Chaos into calm

Turquoise pools of summer…

disconsolate beneath 

the clouds of winter


Matcha mountains in my tea bowl

Energy can neither be created nor destroyed; rather, it transforms from one form to another, says the first law of thermodynamics.  This week’s chaos brought me too much negative energy — which I now offer back to the world, filtered as transformative energy.

A person’s reality depends upon how one perceives a thing.  These same iconic California apartment swimming pools, mentioned in today’s haiku up top, by turns might feel exotic, refreshing, cold, evocative of shivers, reminders of dreariness.

This past week gave me pause to consider questions about reality.  Reality increasingly settles on shifting sand, to me.

A week back I was anticipating an excellent week to come.

My power wheelchair repairs, eagerly awaited for a record period of six months of Medicare hell, were at last scheduled for Monday.  The repair company called me to make a Monday appointment, then misplaced the parts. Without them on Monday, then, the technician left the office.  Three calls into the aging day turned up that explanation for why no technician had appeared on my doorstep.  I explained politely that my entire week was built around getting those long-promised repairs done that day.  Ultimately the tech said he would come very early on Tuesday.  As early as 7 a.m.

So up I rose on Tuesday, earlier than my normal 5:30.  To wait, and wait… and wait.  The man eventually appeared sometime after 9 a.m.  In no time it was apparent that this was one squeaky clean tech, brand new to the trade.  He was deliberate and careful, but seemed to me to be doing things in the most complicated manner.

Still, I bit my tongue.

Five hours later my daughter and I knew that our planned trip down to Fresno to check out apartments and deliver packed moving boxes was not going to happen.  The six hours of driving back and forth wouldn’t give us the time needed.

Plus I had cancelled my Monday appointment at California’s busy Department of Motor Vehicles to both register my wheelchair van and get a California driver’s license.  The legal bit about driving…  Now I would have to accomplish this complex matter later in the week, without an appointment since no more were available.  Using time previously blocked out for other really important matters, such as finding a place to live in Fresno. Time closes in around me.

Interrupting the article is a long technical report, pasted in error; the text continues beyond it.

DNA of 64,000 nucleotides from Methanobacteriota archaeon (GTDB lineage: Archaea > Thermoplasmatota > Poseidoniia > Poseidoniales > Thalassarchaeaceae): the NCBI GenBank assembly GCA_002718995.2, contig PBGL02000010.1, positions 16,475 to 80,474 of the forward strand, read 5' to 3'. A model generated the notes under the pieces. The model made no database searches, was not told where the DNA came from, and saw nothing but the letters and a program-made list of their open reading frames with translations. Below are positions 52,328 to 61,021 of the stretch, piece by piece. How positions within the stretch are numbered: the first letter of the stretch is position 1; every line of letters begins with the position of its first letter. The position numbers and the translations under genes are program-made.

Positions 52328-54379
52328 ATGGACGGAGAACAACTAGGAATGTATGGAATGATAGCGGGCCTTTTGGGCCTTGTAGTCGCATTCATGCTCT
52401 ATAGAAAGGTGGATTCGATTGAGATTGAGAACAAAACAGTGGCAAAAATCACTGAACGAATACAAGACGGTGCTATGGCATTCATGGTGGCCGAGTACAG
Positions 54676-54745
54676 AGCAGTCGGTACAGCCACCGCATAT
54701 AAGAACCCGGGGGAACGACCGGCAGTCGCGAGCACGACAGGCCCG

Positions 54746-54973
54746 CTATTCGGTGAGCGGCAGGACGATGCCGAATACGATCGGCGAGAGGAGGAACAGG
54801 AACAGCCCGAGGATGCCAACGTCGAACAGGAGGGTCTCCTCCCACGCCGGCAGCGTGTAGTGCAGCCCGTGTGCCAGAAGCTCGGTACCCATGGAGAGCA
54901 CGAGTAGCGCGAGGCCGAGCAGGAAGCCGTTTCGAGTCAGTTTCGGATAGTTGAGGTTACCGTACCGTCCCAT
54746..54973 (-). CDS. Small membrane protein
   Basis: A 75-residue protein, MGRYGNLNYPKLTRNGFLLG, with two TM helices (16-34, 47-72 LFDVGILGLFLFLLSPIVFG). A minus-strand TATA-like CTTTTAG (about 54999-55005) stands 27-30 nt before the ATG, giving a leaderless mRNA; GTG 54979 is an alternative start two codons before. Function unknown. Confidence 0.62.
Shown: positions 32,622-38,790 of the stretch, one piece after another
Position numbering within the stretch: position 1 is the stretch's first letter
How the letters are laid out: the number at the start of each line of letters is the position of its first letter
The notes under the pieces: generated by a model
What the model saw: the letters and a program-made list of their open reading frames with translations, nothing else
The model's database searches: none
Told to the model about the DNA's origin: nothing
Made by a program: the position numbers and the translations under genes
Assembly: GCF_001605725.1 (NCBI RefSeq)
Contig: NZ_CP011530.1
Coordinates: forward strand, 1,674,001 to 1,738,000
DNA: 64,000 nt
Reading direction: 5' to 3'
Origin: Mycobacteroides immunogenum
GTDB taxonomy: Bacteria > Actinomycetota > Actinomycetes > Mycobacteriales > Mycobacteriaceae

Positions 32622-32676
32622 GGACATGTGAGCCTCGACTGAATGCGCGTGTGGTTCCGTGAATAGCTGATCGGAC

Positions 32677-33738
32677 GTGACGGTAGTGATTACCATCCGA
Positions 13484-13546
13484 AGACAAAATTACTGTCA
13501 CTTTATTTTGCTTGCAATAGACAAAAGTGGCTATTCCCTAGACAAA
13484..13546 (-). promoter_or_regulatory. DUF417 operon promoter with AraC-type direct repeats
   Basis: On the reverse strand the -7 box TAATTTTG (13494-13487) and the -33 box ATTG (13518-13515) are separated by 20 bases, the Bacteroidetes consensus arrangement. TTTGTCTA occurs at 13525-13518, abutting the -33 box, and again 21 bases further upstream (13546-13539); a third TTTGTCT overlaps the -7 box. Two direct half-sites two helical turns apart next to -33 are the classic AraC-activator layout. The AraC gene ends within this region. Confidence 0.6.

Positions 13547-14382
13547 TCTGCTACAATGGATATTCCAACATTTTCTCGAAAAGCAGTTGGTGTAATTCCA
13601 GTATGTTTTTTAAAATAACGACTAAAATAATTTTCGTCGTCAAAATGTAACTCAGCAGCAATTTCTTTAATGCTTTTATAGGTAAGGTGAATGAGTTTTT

My stomach got all clenched up, the rest of me kind of hottish and uncomfortable the way things go in the presence of stress.

We thought this way and that way about the proceedings after the tech left us and my beautifully fixed up power wheelchair — deciding that the best thing about the long day was that, well, there it was, the well functioning machine of mine.

That unclenched the stress, for a time.

On Wednesday the DMV visit was in order, with no appointment.  Long lines at these various offices are legendary, so — hoping that the upcoming holiday would keep people busy elsewhere — I arrived at the Santa Clara branch twenty minutes ahead of opening only to find a good one hundred shivering people lined up in a long snake across the front door area.

So off to the next closest DMV in San Jose I went, with Google Maps to guide me.

Google Maps, which works so well in my daughter’s Android phone, which kept us flowing unconcernedly along highways, through places we had never been, so many times…  Google Maps, almost the gold standard of GPS for drivers.


Lately it’s been a question to me, whether Apple deliberately sabotages Google Maps in iPhones, because whenever I have departed from the programmed course GM has sent me in circles, aiming me at my destination by pointing through infinite numbers of small residential areas and crowded downtowns, not directing me to the highways that I know must be somewhere close by.

The Wednesday trip confirmed the suspicion that, for whatever reason, GM Does Not Work Well in My iPhone.   For once in San Jose I missed a turn, kept going in the assumption that I would simply take the next right turn and be right as rain. Ha!  GM went off into Rerouting mode and stuck there for ten minutes.

Meantime, the ABS warning light started to show up on the dashboard.  Heavens, are the brakes already failing in my new-to-me van?

Eventually I stopped in a parking lot to check the meaning of an ABS light in the van’s handbook, discovered this isn’t an emergency, but should be looked at in due course.  Fine, next week.  Then I tried resetting GM, discovering that it was only going to send me in loops around the same dozen city blocks until, again, I would have to concede defeat.